Climate crisis and migration: Greta Thunberg supports International Organization for Migration (IOM) over ‘life and death’ issueRead more United Nations (UN) Convenes Lake Chad Countries, Amid Growing Regional CrisisRead more 11 Disruptive Startups Selected for Cohort 3 of the Africa Startup Initiative Program (ASIP) Accelerator Program powered by Startupbootcamp AfricaRead more Africa Data Centres breaks ground on new Sameer facility in NairobiRead more Coffee with a human face: A union that improves livelihoods for Ugandan farmersRead more Trends Predicted to drive the retail industry in 2023Read more Vantage Capital exits Pétro IvoireRead more Afrobarometer charts path for Round 10 surveysRead more Unified communication and collaboration trends for 2023 (By David Meintjes)Read more 2023 starts with BIG IMPACT on Bizcommunity!Read more

Death toll rises to 18 in US condo collapse

show caption
Hundreds of rescuers are working on the site of the collapsed 12-story apartment building in Surfside, Florida, but no survivors have emerged since the immediate aftermath of the disaster./AFP
Print Friendly and PDF

Jul 01, 2021 - 06:44 AM

SURFSIDE — Two more bodies were discovered in the rubble of a collapsed apartment building in Florida, authorities said Wednesday evening, during the seventh day of searching for more than 140 people still unaccounted for.

The official death toll now stands at 18 after most of a building in the Miami-area town of Surfside suddenly pancaked early last Thursday, but hopes are dwindling that the hundreds of rescuers combing the oceanfront site will find anyone alive.

“I’m very pained to tell you we found two additional bodies in the rubble, which brings our total count to 18,” Miami-Dade County Mayor Daniella Levine Cava told a news conference, adding that among the dead are two children, ages four and 10.

Any loss of life “is a tragedy,” she said, “but the loss of our children is too great to bear.”

Officials at the conference also said contingency plans were being put in place should a tropical cyclone now swirling in the Atlantic strengthen and strike the southern Florida coast next week, although the National Hurricane Center has said it is “too soon to determine what if any impacts could occur.”

Elad Edri, deputy commander of the Israeli search and rescue team, earlier in the day detailed how rescuers have completed a map outlining the bedrooms and other living spaces in the building where residents could have been trapped.

But he added that “it’s been more than six days from the collapsing and the chances to find the lives are low.”

He also reported that rescuers had made it to an underground parking structure where it had been hoped they might discover people who had been trapped in cars, but found no one.

No warning 

The cave-in of the 12-story Champlain Towers South building has sparked a search-and-rescue effort involving engineers and specialists from across the United States and as far afield as Mexico and Israel.

US President Joe Biden will on Thursday visit the site with First Lady Jill Biden to meet with families of the victims.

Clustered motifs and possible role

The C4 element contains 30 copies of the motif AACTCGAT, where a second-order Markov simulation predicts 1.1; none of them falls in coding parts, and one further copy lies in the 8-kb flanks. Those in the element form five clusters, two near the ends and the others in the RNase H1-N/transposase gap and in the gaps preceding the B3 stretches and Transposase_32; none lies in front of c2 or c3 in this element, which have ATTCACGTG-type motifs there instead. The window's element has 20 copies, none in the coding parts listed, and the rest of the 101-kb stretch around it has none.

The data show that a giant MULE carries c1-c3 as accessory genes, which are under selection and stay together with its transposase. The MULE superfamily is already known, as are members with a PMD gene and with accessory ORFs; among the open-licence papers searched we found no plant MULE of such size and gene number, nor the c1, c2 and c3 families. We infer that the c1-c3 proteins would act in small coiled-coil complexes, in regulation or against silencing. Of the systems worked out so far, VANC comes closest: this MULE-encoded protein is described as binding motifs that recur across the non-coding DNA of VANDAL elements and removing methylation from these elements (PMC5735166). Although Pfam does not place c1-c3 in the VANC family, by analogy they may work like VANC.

Residents in the part of Champlain Towers South that remained intact reported being awakened around 1:30 am (0530 GMT) Thursday by what sounded like cracks of thunder that shook their rooms.

“It was like an earthquake,” Janette Aguero, who escaped from the tower’s 11th floor with her family, told AFP.

Rescuers who arrived in the moments after the tower came down helped evacuate dozens of residents, and pulled one teenage boy alive from the rubble.

But since then, no other survivors have been found, despite huge numbers of rescuers combing the debris with the help of sniffer dogs and cranes.

Levine Cava said on Tuesday that 210 people were working on the site.

Experts are looking at possible pre-existing critical flaws in the structure of the apartment tower.

An October 2018 report released by city officials last Friday revealed fears of “major structural damage” in the complex, from the concrete slab under the pool deck to the columns and beams in the parking garage.

In a letter to residents in April, Jean Wodnicki, the chair of the condo association, described “accelerating” damage to the building since then.

Repairs had been set to begin soon in the 40-year-old building.

MAORANDCITIES.COM uses both Facebook and Disqus comment systems to make it easier for you to contribute. We encourage all readers to share their views on our articles and blog posts. All comments should be relevant to the topic. By posting, you agree to our Privacy Policy. We are committed to maintaining a lively but civil forum for discussion, so we ask you to avoid personal attacks, name-calling, foul language or other inappropriate behavior. Please keep your comments relevant and respectful. By leaving the ‘Post to Facebook’ box selected – when using Facebook comment system – your comment will be published to your Facebook profile in addition to the space below. If you encounter a comment that is abusive, click the “X” in the upper right corner of the Facebook comment box to report spam or abuse. You can also email us.